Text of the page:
The complex that comprises a large peristyle and an adjoining apsed hall remains the most important discovery in the Great Palace area. The original floor of the peristyle was an elaborate mosaic pavement. The surviving mosaics with mythological, bucolic, hunting and circus scenes are displayed (partly in-situ) in the Mosaic Museum that was built on the site of this magnificent palatial building.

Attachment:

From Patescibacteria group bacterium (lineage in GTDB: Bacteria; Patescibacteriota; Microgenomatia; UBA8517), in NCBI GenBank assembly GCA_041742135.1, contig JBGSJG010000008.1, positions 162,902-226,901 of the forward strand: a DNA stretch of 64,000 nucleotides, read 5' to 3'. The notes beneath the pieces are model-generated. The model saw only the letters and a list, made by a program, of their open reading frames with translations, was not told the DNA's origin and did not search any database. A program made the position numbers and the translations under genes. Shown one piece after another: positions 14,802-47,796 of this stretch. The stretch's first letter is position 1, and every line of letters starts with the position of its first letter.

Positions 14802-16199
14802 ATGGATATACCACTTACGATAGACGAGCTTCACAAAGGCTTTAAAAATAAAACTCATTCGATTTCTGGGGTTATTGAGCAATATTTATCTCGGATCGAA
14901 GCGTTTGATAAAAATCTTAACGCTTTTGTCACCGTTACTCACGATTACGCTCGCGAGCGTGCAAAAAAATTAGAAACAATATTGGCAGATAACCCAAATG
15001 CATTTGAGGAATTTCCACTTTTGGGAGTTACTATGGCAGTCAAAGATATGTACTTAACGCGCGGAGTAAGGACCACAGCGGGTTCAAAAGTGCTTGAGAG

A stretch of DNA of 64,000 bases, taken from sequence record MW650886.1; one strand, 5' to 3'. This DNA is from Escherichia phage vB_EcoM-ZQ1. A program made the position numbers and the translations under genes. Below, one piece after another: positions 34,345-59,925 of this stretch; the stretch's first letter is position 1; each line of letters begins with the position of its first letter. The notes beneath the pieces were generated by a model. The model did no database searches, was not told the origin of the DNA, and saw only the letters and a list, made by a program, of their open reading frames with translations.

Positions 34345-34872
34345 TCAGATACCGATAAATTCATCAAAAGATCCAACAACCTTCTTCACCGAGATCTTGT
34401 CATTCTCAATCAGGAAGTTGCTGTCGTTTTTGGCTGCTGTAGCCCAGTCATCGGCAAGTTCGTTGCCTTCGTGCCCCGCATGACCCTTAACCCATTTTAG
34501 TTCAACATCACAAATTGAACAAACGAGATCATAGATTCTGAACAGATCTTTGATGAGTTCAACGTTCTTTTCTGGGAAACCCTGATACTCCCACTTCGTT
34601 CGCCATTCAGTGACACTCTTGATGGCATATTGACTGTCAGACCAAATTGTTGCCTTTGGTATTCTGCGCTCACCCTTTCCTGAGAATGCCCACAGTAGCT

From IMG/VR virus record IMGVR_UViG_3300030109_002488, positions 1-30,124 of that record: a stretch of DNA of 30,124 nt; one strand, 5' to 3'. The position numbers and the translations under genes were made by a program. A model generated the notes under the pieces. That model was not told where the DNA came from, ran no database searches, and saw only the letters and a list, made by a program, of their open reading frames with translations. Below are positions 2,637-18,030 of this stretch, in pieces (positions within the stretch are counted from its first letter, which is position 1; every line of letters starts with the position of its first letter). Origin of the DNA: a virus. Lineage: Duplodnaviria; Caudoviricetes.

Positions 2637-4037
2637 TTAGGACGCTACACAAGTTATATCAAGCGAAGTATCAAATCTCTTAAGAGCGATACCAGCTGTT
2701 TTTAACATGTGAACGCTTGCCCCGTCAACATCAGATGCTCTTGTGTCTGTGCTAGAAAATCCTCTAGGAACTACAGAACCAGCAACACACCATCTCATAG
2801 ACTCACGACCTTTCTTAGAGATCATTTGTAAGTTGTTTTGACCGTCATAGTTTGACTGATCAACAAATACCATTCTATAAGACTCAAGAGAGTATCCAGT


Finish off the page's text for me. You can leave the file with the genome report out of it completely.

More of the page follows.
The peristyle and the hall date to the late sixth or early seventh century (reigns of Maurice, Phocas or Heraclius) judging by the pottery sherds found beneath the mosaics and stamped bricks and leveling courses of greenstone used in the construction of the buildings. The complex underwent several changes, most strikingingly the rebuilding of the south-east and the north-west colonnades as corridors with windows, and its mosaics were covered with marble slabs (possibly before c. 700). The apsed hall (and probably what was formerly the peristyle) was in ruins by the middle of the twelfth century. Ever since its discovery, scholars have been discussing the possible identification of this complex, without reaching any general agreement. For example, two recent attempts identified it either as the Augusteus (a reception hall in the Constantinian section of the Palace) or as the Apsis (a structure at the cross-road of the palace itineraries). It is also possible that the apsed hall and the mosaic peristyle may have served as a meeting place where the emperor would appear to the circus factions after such ceremonies were withdrawn from the Tribunal (which happened, according to the eighth-century Parastaseis, during Heraclius’ reign) but before they were established in Justinian II´s Phialai. The construction of this complex may be therefore associated with Heraclius (610-641).
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